Company Third:
We thought about the situation and how our decisions would effect us financially, legally and brand. We realized financially we were going to get hit. There was no way around. Refunding up to 700 travelers is a tough pill to swallow. Our company was not going to shut down but profit for the year was going to be hit. Legally we realized that we had to refund the customers that did not want to go on the trip. Had we said no refunds, I am 100% certain that our company would have not lasted more than a year after due to the onslaught of lawsuits that would have prevailed. Our brand name was golden on hundreds of campuses and universities throughout the East Coast and New England and we did not want 700 travelers bad mouthing our company. This was my biggest concern.

What happened after we implemented our plan was a real surprise. Actually we were shocked. 60% of our customers decided to go on the trip, only 40% cancelled. In the end we actually made a profit on the entire 5 night, 4-day ski trip. We even received a few letters from our clients telling us that even though the snow was bad, the roads a challenge, that it was a true adventure to get to the resort and they were glad we gave them the choice.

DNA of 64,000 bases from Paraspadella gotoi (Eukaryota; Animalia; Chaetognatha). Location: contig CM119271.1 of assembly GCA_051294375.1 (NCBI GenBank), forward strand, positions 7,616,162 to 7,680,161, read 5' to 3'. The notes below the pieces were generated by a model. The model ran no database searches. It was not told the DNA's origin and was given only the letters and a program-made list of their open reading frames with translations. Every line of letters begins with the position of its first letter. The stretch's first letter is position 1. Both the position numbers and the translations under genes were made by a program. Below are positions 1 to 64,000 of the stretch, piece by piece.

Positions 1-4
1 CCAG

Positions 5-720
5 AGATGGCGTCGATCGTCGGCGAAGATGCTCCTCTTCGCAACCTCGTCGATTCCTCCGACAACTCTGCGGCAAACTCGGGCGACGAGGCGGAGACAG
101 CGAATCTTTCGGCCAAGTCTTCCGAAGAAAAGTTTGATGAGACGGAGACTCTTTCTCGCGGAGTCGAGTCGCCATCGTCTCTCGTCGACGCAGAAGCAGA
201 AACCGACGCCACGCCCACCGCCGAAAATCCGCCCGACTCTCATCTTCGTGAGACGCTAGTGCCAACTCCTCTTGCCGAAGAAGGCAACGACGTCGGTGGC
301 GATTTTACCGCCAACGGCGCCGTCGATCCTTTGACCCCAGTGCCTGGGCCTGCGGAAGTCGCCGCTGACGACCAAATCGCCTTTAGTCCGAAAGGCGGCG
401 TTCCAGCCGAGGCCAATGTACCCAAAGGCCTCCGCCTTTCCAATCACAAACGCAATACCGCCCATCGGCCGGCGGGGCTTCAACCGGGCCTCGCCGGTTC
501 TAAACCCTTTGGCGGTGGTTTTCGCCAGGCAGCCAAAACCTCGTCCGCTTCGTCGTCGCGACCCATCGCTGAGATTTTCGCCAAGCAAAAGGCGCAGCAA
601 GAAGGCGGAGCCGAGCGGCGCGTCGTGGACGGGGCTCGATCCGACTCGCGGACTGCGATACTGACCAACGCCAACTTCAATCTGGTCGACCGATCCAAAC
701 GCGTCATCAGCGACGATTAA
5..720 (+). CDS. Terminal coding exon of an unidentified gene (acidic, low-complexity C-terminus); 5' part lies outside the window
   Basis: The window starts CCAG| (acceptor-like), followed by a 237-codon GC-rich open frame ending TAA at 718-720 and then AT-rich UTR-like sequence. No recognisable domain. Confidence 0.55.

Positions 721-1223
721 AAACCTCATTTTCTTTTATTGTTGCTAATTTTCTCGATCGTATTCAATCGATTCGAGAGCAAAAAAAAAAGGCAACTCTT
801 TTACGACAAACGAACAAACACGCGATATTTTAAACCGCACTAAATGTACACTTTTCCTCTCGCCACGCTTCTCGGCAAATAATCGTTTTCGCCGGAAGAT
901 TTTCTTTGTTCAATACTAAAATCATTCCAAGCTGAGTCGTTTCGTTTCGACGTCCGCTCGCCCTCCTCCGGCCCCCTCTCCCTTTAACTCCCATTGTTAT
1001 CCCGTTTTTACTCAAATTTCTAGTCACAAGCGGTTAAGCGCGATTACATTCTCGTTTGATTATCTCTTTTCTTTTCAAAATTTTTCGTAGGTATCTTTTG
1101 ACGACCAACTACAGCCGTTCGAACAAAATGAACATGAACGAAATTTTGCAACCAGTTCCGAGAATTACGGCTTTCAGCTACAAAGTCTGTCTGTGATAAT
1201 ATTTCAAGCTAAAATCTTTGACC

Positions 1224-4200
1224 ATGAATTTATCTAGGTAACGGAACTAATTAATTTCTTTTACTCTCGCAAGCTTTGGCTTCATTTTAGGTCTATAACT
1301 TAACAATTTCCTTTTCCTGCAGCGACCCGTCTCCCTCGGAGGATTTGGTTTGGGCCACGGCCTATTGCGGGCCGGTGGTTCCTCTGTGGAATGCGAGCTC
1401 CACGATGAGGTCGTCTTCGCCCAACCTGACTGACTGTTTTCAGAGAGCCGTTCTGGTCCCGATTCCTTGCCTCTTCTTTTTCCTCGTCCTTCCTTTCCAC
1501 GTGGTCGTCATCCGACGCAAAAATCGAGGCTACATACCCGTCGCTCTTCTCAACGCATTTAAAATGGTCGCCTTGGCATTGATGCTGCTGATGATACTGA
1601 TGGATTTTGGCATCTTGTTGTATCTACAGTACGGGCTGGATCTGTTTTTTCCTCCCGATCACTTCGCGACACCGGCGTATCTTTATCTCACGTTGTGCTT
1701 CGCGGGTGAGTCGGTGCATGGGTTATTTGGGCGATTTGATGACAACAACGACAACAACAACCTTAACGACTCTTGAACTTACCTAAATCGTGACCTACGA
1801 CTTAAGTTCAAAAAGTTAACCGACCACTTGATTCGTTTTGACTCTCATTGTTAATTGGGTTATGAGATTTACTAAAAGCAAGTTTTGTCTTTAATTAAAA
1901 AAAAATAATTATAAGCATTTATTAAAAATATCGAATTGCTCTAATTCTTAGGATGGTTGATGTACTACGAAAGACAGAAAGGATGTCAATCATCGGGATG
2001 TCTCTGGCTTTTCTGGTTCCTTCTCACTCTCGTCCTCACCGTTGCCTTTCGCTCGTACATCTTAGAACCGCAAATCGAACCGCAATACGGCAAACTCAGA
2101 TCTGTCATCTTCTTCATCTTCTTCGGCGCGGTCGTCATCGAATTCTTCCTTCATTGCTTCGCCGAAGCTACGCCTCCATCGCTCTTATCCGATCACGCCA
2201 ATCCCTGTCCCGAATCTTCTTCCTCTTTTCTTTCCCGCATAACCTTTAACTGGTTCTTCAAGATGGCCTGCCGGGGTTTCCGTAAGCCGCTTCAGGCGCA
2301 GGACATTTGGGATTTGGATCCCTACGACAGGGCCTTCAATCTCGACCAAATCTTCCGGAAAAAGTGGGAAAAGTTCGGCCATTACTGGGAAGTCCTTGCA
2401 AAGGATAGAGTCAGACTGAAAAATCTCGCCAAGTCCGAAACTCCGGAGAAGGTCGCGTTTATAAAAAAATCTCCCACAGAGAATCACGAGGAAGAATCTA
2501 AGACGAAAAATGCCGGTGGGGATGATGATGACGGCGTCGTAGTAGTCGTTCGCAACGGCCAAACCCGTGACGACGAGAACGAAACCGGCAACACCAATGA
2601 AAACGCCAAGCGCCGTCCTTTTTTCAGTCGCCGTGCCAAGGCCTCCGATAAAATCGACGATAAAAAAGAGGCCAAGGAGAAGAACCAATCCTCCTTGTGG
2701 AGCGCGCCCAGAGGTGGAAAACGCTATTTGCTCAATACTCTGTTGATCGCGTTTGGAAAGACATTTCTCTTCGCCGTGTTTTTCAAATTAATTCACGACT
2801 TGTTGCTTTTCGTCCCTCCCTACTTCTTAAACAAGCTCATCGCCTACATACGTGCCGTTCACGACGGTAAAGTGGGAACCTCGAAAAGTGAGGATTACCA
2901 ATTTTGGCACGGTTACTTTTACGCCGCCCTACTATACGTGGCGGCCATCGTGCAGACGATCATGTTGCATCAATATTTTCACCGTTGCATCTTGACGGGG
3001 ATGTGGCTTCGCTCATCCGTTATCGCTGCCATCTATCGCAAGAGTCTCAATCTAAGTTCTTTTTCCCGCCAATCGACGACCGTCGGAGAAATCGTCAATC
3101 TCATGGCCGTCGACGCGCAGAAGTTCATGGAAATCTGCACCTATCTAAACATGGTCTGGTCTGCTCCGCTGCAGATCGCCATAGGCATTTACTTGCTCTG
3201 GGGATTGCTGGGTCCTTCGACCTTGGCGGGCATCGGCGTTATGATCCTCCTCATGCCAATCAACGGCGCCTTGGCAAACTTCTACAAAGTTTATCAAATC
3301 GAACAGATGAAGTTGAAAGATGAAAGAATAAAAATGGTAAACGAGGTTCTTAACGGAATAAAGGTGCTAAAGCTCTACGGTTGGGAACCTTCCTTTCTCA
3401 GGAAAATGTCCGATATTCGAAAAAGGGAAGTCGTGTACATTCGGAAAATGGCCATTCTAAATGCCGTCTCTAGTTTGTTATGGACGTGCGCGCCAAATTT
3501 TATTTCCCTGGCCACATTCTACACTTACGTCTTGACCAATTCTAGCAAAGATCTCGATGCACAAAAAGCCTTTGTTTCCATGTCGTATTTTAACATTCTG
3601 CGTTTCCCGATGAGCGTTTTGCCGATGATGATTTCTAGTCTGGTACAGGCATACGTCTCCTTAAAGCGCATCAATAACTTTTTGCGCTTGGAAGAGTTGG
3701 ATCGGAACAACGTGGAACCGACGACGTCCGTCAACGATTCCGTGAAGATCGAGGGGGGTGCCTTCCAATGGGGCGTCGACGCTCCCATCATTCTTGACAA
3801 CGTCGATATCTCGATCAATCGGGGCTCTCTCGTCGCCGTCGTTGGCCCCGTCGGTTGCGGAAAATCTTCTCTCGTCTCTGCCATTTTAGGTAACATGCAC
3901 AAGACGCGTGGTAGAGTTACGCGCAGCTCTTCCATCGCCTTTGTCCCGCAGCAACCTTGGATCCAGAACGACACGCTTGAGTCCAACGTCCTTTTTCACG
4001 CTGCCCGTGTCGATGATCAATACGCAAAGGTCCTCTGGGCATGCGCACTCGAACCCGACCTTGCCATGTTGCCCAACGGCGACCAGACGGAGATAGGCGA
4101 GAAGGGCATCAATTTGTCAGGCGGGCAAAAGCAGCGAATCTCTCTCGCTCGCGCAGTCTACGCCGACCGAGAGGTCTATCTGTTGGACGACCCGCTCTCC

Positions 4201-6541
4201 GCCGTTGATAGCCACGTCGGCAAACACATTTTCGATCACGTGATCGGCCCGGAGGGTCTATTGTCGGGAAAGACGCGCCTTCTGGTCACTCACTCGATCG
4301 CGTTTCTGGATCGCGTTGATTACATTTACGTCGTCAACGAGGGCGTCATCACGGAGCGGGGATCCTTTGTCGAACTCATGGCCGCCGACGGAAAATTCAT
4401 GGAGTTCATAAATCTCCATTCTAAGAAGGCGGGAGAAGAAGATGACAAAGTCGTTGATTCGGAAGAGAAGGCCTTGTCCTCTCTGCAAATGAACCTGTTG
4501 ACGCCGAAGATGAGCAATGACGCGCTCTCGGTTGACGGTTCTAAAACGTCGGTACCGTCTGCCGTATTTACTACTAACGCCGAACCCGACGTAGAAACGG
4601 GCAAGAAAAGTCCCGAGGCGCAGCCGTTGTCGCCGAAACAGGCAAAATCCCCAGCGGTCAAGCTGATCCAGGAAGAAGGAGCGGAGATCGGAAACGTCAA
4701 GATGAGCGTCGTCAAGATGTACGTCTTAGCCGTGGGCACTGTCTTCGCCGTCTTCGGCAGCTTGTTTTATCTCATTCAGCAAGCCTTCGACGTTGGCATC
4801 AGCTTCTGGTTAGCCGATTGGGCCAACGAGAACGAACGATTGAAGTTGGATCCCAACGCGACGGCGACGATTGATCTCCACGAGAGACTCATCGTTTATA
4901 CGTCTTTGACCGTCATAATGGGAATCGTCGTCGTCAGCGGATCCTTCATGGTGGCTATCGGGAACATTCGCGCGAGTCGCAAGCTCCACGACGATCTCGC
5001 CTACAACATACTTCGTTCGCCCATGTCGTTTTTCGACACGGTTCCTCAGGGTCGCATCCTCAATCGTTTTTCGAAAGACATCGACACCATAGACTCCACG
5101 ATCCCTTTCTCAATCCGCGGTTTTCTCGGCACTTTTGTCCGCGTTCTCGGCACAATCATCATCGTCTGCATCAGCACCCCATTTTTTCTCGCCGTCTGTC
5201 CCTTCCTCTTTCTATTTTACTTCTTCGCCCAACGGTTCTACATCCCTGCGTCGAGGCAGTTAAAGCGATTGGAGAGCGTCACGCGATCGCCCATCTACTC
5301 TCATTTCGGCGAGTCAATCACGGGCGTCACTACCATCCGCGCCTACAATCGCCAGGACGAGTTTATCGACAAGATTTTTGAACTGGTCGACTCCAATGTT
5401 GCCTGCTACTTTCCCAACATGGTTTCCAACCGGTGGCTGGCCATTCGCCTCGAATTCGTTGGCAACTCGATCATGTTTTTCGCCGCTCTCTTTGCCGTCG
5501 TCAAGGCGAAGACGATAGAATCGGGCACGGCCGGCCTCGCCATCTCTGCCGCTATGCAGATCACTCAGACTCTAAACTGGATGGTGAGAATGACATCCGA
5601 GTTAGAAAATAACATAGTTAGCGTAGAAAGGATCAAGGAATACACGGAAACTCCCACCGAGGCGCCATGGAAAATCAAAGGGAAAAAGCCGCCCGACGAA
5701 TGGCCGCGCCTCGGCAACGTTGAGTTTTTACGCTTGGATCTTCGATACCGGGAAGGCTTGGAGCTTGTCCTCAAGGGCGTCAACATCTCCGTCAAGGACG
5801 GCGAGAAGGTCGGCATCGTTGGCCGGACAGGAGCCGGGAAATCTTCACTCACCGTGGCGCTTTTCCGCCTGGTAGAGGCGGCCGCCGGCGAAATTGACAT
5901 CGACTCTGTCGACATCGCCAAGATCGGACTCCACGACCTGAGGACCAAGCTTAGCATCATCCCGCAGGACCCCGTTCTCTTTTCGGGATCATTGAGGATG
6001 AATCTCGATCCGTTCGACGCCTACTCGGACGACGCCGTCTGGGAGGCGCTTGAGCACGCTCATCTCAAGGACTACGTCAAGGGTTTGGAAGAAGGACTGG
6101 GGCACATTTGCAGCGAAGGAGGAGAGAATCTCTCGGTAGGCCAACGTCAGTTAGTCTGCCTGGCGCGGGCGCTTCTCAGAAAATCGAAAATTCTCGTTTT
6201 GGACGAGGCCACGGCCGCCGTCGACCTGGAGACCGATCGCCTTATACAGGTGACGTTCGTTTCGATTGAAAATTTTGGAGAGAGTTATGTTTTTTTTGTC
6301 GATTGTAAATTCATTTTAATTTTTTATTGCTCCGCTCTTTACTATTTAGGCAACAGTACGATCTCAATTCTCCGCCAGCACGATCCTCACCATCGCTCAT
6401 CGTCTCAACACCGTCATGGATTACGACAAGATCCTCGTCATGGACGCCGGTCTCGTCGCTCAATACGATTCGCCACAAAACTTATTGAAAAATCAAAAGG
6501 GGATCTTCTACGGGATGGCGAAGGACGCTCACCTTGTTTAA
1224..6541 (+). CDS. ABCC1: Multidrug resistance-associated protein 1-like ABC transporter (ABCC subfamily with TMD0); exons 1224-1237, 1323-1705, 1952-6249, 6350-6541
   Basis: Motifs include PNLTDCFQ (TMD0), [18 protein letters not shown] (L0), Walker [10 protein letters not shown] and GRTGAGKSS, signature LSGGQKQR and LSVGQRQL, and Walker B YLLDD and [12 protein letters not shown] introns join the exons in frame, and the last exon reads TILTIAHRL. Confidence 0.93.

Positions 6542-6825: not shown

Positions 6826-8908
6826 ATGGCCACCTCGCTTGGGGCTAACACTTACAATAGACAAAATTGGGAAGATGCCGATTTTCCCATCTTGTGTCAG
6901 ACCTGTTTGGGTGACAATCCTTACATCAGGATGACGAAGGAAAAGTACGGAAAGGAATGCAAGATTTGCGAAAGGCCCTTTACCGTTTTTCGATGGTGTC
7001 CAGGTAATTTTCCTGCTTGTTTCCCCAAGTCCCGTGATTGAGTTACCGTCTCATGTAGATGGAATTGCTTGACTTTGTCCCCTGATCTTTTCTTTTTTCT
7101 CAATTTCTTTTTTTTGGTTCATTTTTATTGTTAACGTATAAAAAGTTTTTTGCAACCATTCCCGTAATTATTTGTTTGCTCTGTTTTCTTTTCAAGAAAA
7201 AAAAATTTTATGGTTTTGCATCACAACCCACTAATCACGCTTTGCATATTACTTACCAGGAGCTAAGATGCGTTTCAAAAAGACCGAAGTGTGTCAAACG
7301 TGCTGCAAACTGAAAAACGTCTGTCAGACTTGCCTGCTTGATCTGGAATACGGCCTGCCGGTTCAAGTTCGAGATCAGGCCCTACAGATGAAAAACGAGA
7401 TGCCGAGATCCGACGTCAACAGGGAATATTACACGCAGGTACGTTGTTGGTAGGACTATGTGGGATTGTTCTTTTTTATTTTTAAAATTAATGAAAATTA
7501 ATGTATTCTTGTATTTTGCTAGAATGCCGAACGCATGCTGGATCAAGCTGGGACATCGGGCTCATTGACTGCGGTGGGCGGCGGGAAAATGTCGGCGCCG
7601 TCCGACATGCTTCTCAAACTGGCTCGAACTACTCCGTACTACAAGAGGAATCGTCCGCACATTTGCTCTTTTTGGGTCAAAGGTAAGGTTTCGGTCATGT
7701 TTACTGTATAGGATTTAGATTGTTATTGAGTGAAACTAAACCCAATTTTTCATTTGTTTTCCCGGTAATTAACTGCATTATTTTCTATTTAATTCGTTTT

If you want to be a strong leader, make good decisions and work towards building a great travel company you are going to go through these types of intense decision-making processes and experiences. On the surface all you will see is doom and gloom. The key is to make decisions that always favor your customer first, the travel suppliers second and your company third. Make your decisions in that order, then take action, hold steady and push through the pain. The outcome will be much brighter on the other side.

If your ever under distress and need someone to talk to, pick up the phone and call me. I’ll help you think through the decision-making process and give you the support you need. Seriously, just call me. 207-460-0740

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    The tour bus was flipping. I thought it was over for our travel startup….

  2. Theo says:


    The tour bus was flipping. I thought it was over for our travel startup….